1. If Christian stewardship is anchored in the relationship of a person and his money, then Christian stewardship will relate to a person’s income, how he earns it, how he spends it, and how he decides to return a portion of it to God. It does not relate to the Church’s program or budget needs.
2. It follows then, that the stewardship campaign needs to be conducted prior to the formation of the parish budget. The stewardship question ought never to be “How much do we need?” The basic question needs to be, “What do I have out of which I can conscientiously return to God?” Our need is to give to God and not to a budget. When we pledge to the Church, we are giving to God, and not just to the Church. Therefore, our appeal needs to be directed toward a person’s income, not toward the parish’s need. Parish budgets need to be considered only after the stewardship campaign is completed.
What Kind of Program?
We come now to the question many of you have no doubt been asking: What kind of program can we establish in our parishes? What are the nuts and bolts of a parish stewardship program?
A successful stewardship program requires a great deal of in-depth study, and organizational effort. It has to be thought through carefully, planned in detail, and tailored to the particular character of each parish. Numerous books on the subject are available for study and adaption. I have prepared and included at the end of this paper a Stewardship Bibliography, which gives a fairly representative selection of materials on the subject.
The bottom line of any decent program, however, will be anywhere from a 15% to a 35% increase in financial support for your parish. Can you really afford not to develop a stewardship program for your church?
Although the limited length of this paper does not permit going over every detail in a model stewardship program, I would like to mention a few of the major elements in any program. First, we should count on our preliminary work beginning some four months before the actual stewardship campaign. You’ll be using this time with the members of your stewardship committee. You will need to select a chairman who is capable of handling the task. It goes without saying, that the chairman, as well as the other committee members, must represent the most enlightened leaders in your parish. If an individual feels that stewardship won’t work among your people, if he thinks that the only way to raise funds is by using the three “B’s” - Bingo, Bazaars, and Bake Sales, then by all means keep him off the stewardship committee. The battle cry of such persons is “Onward to Yesterday.” They really are not qualified for the demanding task of stewardship.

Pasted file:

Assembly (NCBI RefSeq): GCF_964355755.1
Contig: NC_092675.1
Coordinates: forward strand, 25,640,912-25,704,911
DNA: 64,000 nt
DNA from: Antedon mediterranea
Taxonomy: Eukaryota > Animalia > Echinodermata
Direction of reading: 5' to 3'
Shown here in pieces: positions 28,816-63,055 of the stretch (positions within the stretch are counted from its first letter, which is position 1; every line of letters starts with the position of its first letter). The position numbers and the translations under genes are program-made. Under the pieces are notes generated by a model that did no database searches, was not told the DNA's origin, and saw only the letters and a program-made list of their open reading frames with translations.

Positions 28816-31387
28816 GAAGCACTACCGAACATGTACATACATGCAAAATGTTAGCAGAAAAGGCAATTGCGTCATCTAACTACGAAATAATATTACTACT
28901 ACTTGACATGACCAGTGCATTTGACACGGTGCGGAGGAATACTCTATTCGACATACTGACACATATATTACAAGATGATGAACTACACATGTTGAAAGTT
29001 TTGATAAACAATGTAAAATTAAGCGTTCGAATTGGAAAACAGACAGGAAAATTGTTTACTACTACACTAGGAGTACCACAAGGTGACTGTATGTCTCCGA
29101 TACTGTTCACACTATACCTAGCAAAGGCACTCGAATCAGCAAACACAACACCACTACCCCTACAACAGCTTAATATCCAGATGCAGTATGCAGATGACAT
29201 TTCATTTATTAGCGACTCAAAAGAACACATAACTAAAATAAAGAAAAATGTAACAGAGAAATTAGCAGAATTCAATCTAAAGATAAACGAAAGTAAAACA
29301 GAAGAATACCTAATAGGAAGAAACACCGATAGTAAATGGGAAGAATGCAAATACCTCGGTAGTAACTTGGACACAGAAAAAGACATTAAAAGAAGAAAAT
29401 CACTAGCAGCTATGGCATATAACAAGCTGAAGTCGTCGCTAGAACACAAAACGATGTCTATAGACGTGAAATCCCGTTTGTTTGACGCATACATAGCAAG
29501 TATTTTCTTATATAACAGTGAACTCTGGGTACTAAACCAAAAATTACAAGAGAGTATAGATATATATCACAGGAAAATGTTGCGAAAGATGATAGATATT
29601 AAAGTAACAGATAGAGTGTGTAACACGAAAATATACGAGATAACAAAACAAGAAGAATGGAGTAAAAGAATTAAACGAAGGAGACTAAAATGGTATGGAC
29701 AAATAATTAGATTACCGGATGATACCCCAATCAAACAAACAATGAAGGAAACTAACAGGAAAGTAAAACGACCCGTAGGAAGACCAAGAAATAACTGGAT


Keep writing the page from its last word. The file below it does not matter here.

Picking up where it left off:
Your committee members must be among the most generous of your parishioners. Don’t misunderstand me, the man or woman who gives the highest dollar amount is not necessarily the most generous giver. A physician or a businessman with an income approaching six figures is not particularly generous if he gives a thousand dollars a year. The amount may well represent only one percent of his income. That man is not a committed steward. The amount he gives may be large, but proportionately, it is quite negligible. Therefore, the pastor must see that the committee members are themselves truly generous.
At this point, we must talk about a crucial, crucial concept. It is the principle of proportionate giving.
Proportionate giving involves two points:
1. That our level of giving needs to rise out of our level of income.
2. That giving out of thanks for God’s blessings will involve sharing a portion of that income with others. This is proportionate giving.
A great deal is said today about tithing as the highest form of proportionate giving.
The 10 percent tithe has often been held up as the standard for Christian stewards. And there are a great many advantages to endorsing such a standard.
1. It is a biblical standard.
2. It is related to income and not to a church’s budget.
3. It has a “universality” about it, in that the concept is as old as the early Old Testament.
4. It could produce an astronomical amount of money in gifts.
However, in spite of these advantages, I am frankly not at all that attracted to it. First, it is a legalistic system. Second, it is an Old Testament concept that is not picked up in the New Testament.
The fact is that no specific percentage adequately expresses our stewardship before God. The fundamental relationship of God and man is not that of a master to a steward. The New Testament relates God and man, not as a master and steward, but as father and son. The qualities of the son are thankfulness, love, joy, and intimate relationship. It is in the qualities of our sonship that the concept of proportionate giving has its foundation. It can be stated this way: as sons of God we have the “why” of our giving as proportionate givers. We express that sonship in a practical manner. The system can be described very easily. Take your annual gross income and simply multiply it by the percentage that you want to share with God in your material giving. Then simply divide that amount by the weeks in one year. The amount you come up with seldom comes out to even dollar amounts (see chart) But that has the real value of moving away from the prison that puts gifts in round numbers without basing the giving on any systematic measure. A weekly gift of an odd amount $9.23, for example will continually focus attention on the percentage and will be a constant affirmation of the person as a proportionate giver every time the check is written. The major advantages of proportionate giving are: